Habba Syndrome

Now if you read the heading of this post you may be wondering what the hell Habba Syndrome is and why I would be talking about it.  But bear with me and I’ll try and explain.

When I posted the stories about David Tree and Sam the Koala last week I suddenly started to receive a lot more visits than what I normally got from you, my small but loyal readership and I decided that it may be worth trying an experiment.   Most of the hits on those stories came from people doing google searches on a combination of those words.

So today I looked up Google Trends for 15th February and found that the top search as I write this is for “Habba Syndrome”.    So I thought, even though this won’t be actually posted till late today, that I would place this post on here and see how many hits I receive from people searching Habba Syndrome.

And if you do happen to visit here as a result, so that your visit isn’t all to no avail, may I point you to some places that will give you the information I hope you seek.

This is straight from the website of Dr Habba who I am sure is very pleased to have the syndrome named after him, although you may wonder why.

“It is an association between a dysfunctional, intact gallbladder and chronic diarrhea. Patients with the syndrome present with varying degrees of chronic diarrhea (three or more bowel movements per day for at least three months). Diarrhea is classically described as frequent, loose bowel movements and may be watery in nature. They could be explosive at times and may even be associated with great urgency and even incontinence. Diarrhea is mostly after meals (post prandial diarrhea). Because of this urgency, patients usually look for a bathroom wherever they go, also known as “bathroom mapping”.”

And for me that is quite enough information especially given that it seems to manifest itself mainly during the day.  If you do have it, may I wish you a speedy recovery.

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10 Comments

  1. terri said,

    February 16, 2009 at 1:46 am

    In light of all the research you’ve done, I wish you many, many hits! ๐Ÿ™‚

  2. Anonymous said,

    February 16, 2009 at 4:08 am

    ummmm – Why would that be the most enquired item on Google at the moment?

    Seems a bit weird. Has there been a massive outbreak or something?

    Well if there has, here’s hoping all those affected gain a speedy recovery. How awful that must be.

    Re the fires – What a relief it feels now hey Laurie? Even though dangers are still present of course, a calm has come to a large degree it feels. My side of the mountains here are still very smokey. It feels such a relief now that in the most part our homes are no longer at risk.

    I have nothing but admiration and gratitude for all the wonderful fire fighters, volunteers, emergency workers, government officials and I think especially our Police commissioner.

    The stories coming out are heart wrenching and then often heart warming. Mankind is showing it’s best and that’s the way it should be.

    Jen

  3. Peter (Worldman): said,

    February 16, 2009 at 4:09 am

    I don’t suffer from this syndrome. But I did not know about Google Trends and I found this interesting. And I will “play” with this Trend thing. It might give me ideas for posts.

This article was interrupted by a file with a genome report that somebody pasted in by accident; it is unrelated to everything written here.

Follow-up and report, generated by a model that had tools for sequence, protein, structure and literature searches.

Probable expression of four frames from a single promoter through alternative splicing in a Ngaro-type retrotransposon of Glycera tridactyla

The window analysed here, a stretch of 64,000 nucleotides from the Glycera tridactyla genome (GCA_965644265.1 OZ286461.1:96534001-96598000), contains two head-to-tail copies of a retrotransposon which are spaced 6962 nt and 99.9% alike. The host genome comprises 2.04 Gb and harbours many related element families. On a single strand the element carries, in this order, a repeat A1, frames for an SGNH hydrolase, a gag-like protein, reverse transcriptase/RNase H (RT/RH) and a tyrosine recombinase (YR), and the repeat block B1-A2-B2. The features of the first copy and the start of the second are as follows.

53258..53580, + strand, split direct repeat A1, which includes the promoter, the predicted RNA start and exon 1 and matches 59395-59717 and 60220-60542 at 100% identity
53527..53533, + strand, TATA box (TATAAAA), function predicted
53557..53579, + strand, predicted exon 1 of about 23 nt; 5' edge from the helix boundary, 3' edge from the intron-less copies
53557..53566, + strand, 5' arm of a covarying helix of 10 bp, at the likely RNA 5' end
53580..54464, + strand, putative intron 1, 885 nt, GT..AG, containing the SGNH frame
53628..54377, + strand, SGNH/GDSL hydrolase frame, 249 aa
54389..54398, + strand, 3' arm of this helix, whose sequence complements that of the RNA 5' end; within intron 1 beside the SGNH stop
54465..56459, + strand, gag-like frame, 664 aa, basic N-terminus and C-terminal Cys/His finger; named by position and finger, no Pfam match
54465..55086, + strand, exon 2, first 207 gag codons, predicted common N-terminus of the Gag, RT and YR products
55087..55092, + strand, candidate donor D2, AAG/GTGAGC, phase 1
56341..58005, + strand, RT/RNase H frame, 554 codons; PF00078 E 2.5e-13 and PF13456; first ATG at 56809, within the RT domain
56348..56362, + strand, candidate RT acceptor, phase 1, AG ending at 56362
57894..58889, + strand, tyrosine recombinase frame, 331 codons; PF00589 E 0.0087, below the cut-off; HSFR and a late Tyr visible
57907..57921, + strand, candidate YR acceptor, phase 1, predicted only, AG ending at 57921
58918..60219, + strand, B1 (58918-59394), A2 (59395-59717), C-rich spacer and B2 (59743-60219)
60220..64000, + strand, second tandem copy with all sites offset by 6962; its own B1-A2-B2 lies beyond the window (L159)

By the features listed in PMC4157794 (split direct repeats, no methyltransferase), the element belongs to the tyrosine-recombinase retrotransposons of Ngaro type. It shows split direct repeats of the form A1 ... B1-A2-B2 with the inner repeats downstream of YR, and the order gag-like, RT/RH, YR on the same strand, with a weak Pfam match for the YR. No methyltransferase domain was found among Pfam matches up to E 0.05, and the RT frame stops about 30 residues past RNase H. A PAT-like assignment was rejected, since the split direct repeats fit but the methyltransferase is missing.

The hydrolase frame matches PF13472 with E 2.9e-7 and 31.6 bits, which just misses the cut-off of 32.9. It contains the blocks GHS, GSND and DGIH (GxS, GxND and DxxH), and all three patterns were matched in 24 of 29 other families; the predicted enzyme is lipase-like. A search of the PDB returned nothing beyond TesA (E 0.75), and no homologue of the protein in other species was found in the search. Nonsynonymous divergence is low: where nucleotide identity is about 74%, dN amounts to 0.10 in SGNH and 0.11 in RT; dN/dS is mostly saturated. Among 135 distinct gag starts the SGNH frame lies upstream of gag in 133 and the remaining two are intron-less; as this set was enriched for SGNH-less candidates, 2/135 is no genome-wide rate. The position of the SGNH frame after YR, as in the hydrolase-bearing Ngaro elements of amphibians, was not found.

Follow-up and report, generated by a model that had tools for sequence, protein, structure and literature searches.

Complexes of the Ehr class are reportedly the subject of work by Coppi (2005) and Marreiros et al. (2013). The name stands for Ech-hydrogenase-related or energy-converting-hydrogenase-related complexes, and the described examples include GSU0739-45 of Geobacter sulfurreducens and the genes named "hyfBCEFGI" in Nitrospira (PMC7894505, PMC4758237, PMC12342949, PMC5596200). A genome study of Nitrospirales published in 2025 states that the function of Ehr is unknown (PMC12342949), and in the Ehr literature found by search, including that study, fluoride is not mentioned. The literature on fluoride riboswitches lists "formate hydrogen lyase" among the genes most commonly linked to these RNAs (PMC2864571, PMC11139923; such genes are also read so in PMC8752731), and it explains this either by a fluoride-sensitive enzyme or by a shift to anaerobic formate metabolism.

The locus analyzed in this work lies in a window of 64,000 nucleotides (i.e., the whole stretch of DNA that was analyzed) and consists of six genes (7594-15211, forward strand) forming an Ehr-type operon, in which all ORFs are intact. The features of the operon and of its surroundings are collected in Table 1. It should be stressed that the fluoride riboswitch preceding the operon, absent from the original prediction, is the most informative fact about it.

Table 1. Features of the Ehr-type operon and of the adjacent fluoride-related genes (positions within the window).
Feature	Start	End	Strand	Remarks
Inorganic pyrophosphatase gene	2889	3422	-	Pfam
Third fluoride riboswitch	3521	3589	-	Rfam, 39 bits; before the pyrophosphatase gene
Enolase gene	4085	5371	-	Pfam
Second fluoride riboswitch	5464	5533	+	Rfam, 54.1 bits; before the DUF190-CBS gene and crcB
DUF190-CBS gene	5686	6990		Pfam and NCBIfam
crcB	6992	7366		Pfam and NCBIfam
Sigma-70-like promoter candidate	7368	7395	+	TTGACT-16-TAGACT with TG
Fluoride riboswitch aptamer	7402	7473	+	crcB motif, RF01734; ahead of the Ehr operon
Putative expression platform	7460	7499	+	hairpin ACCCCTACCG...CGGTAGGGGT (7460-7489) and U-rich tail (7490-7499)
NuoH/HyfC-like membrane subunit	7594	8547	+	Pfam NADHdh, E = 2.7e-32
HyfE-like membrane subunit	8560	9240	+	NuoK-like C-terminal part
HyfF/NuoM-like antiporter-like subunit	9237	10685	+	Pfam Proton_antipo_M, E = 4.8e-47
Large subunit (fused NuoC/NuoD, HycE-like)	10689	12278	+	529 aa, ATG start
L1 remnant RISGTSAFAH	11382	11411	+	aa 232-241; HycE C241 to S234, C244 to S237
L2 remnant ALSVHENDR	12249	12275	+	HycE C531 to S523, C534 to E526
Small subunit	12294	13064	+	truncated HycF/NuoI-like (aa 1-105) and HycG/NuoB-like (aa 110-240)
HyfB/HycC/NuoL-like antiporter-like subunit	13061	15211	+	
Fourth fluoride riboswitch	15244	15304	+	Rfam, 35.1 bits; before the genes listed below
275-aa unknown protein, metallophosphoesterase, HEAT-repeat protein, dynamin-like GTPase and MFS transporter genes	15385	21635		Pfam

4. Loz said,

    February 16, 2009 at 5:00 am

    Thank you Terri – it’s been interesting with around a dozen hits from Google so far today related to searches for this syndrome. Makes me wonder how many SEO type sites manipulate google to ensure they get hit. I came across one which has just lifted the top 10 searches for that day and put them in as key words to a post that had nothing to do with any of them.

  5. Romany Angel said,

    February 17, 2009 at 12:56 am

    I rarely look at my stats to be honest Loz but it’s an interesting experiment. Let us know how it pans out.

    I’d never heard of this syndrome but it sounds very unpleasant.

  6. Loz said,

    February 17, 2009 at 1:10 am

    Jen – I have no idea why it would be so high for a period of time either – maybe it got mentioned on a news story somewhere.

  7. Loz said,

    February 17, 2009 at 1:11 am

    Hi Peter – it’s a bit of fun – pick something obscure that shows up, write a post and see what happens.

  8. Loz said,

    February 17, 2009 at 1:13 am

    Dear Gypsy – I sound like a bit of a stat whore I guess. I do pay attention to where people come from to visit here mainly by looking at Feedjit, but I also like google analytics to see what keywords people have searched to actually get to what is a pretty obscure little blog amongst millions ๐Ÿ™‚

  9. Guest said,

    March 5, 2009 at 2:48 am

    think I know why this syndrome has gotten so much recent attention. it was featured as a reenactment on a reality show called medical mysteries … I think a lot of people , me included , saw the patients story and thought – wow that ‘s me ! I went straight to the internet . I am now being treated for the condition

  10. Loz said,

    March 5, 2009 at 3:06 am

    Thank you for the comment. I think I get around 2 or 3 visits per day just from people searching for Habba syndrome even a couple of weeks later. I know I was a bit flippant in the post and I hope I didn’t offend. I wish you good health and hope that it passes. (Should I have said that?)

    Recent blog post: Wordless Wednesday – Reflections 1


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